Friday, July 30, 2010

When does it become a different tradition?

A thought that I occasionally kick around in our polarized tradition---exactly when does a group or style of working become a different tradition? At what point, are so many changes made that a system of working simply ceases to be what it started out as and becomes something completely different? At what point in time does the teachings and beliefs of a group become so different that it is no longer recognized by its parent tradition?

Given that every group (coven, lodge, Order, etc.) has an egregore which taps into an energetic current, and the keys of tapping into the energies that the egregore guards are encoded in the rituals and procedures used by a group, sooner or later enourgh changes to the rituals and teachings would prevent a group from tapping into a current and force it switch to another current---in essence, enourgh changes creates a new system.

This set of questions is very close to the surface of my thoughts today. The workings and beliefs of the system that I work have been declared "dead-ends" by another group, and they have changed their code-keys. Are we different traditions yet? They are going back to a style that pre-dates the system that I work (and have been for years). At a certain point, the two styles became different systems---and despite this other group's efforts to drag us all back into that style, the rituals of my tradition still have power; they still have a purpose.

At certain point, the egregores of the two styles started to obey different rules. From my viewpoint, there are two traditions sharing the same name, but who are on completely different paths. And it has been this way for years---I wonder if I am the only one that sees this?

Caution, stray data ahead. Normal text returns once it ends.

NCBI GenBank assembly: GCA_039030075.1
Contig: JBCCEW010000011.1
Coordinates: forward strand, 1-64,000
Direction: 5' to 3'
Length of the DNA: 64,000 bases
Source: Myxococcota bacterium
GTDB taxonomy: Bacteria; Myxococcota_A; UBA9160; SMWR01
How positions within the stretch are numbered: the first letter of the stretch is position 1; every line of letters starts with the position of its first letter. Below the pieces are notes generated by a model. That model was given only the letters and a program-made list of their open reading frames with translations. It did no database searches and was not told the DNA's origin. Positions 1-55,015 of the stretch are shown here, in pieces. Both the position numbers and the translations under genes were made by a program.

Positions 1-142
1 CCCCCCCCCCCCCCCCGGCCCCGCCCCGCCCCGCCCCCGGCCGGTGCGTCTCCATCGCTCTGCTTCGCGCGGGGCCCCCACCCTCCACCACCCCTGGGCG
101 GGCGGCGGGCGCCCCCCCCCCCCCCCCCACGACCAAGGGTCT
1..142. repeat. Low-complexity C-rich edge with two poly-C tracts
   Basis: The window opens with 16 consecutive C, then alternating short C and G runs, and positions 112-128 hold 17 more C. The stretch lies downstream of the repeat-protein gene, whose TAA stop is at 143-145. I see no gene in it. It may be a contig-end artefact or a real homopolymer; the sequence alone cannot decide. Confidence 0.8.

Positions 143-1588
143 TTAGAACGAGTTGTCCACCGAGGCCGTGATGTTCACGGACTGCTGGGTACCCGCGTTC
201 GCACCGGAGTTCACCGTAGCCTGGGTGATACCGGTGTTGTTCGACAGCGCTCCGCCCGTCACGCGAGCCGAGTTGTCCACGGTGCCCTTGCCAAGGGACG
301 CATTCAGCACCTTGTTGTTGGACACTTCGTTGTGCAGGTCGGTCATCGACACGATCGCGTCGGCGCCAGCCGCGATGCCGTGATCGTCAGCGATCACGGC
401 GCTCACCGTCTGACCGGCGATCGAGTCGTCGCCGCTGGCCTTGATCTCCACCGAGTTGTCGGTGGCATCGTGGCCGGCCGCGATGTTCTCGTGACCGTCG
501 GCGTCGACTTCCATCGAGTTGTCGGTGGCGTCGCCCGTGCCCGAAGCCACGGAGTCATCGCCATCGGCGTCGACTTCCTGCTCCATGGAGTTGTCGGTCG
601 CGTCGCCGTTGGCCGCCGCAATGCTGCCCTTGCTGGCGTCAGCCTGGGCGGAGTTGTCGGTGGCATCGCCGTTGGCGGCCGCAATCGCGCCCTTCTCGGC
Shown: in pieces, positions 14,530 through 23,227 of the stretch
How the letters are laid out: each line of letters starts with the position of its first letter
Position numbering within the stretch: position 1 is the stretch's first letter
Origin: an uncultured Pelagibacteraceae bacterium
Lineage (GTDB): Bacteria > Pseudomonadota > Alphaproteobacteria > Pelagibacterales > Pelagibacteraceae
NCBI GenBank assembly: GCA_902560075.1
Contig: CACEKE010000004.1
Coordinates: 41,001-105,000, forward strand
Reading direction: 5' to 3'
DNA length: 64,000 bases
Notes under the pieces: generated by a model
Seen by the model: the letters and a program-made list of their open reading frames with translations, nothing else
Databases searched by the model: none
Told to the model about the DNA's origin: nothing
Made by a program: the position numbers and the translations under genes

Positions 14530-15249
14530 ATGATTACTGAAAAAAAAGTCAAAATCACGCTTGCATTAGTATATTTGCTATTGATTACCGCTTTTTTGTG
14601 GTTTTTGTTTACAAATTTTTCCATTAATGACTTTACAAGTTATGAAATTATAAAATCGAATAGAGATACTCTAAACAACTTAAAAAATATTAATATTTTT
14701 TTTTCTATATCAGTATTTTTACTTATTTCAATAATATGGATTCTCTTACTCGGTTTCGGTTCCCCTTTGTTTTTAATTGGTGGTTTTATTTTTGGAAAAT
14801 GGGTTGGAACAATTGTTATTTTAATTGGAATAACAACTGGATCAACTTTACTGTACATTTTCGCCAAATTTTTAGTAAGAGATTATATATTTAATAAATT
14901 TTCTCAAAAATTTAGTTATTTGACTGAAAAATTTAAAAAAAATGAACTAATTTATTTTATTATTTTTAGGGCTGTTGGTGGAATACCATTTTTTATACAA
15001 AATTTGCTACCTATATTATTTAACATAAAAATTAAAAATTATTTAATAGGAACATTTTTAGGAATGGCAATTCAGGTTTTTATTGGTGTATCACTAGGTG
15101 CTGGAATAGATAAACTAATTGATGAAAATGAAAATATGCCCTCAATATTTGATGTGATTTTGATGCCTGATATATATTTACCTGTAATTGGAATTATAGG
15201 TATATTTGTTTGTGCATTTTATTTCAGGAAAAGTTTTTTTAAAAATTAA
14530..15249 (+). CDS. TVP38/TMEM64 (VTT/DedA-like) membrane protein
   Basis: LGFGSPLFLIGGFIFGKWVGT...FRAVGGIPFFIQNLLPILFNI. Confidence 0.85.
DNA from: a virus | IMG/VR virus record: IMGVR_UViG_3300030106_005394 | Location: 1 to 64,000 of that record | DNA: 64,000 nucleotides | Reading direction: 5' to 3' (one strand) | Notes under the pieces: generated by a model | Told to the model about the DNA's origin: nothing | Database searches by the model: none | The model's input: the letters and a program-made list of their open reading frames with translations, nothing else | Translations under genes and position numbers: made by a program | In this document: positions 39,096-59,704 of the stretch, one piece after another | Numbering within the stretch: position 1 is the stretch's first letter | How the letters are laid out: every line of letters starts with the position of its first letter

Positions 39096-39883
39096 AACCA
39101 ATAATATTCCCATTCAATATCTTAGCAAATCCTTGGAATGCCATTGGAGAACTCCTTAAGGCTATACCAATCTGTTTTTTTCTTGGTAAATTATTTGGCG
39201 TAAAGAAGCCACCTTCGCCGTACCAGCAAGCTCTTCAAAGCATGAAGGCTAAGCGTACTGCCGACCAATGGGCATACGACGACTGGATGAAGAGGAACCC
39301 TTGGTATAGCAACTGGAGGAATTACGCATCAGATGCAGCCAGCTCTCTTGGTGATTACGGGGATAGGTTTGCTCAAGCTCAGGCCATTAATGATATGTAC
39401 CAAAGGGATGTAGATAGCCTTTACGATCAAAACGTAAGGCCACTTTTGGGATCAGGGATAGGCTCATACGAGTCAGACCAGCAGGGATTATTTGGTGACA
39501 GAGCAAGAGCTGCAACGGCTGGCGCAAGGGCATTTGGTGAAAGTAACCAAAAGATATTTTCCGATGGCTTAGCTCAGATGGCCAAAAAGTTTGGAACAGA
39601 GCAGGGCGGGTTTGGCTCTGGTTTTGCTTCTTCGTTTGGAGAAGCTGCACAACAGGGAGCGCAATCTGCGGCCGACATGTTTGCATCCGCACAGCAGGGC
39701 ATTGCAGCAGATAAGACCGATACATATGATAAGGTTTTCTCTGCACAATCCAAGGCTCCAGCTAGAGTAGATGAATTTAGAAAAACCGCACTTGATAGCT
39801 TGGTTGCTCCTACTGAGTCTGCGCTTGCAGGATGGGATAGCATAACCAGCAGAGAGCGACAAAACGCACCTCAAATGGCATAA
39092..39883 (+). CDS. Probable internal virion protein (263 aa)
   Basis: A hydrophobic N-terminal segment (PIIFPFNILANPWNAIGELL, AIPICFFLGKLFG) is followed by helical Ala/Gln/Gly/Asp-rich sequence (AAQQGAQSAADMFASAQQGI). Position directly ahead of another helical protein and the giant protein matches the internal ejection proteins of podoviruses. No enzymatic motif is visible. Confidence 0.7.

3 comments:

Peregrin said...

Good questions and a good post, Morgan. I think I am with you; the outer names and even symbols of two Orders may match but the inner can be different. They are then different traditions.

I have been pondering this issue myself for a long while, trying to work out just what "is" the Golden Dawn. I must say I have not come up with anything concrete and must follow the example of Justice Potter-Stewart: I can't define it but I know it when I see it.

Thanks :)

Anthony Fuller said...

I agree entirely with you Morgan, and also with Peregrin's comment. I too have given much thought to this subject. In my view a particular tradition is invariably tied to the zeitgeist of a particular time. Apart from the external symbols it seems unlikely to me that GD members of the late 19th and early 20th centuries would feel comfortable with the approach of the modern GD groups. A case in point is Felkin's SM from which the majority of modern groups derive their documentation. Felkin accentuated the Christian angle to a significant degree (25% of the active British members during Felkin's period were Anglican priests)which today would be a complete turn-off for the modern aspirant. It was tensions between emerging and changing attitudes and beliefs which were a major factor, in my view, in the collapse of the SM and Whare Ra. The modern GD arose from views of the world and of spirituality which were and are quite different from those of the 19th century fin de siecle period. A new 'tradition' has arisen and supplanted that of the old. While it obviously draws from the symbology of the old, the new Golden Dawn is a very different creature indeed.

Psyche said...

Even when "different", they remain linked through a shared history, and that shouldn't be readily discounted.

Humans and chimpanzees are both recognizable as mammals, though they diverged on the evolutionary chain tens of thousands of years ago. It could be argued that we remain more alike than different.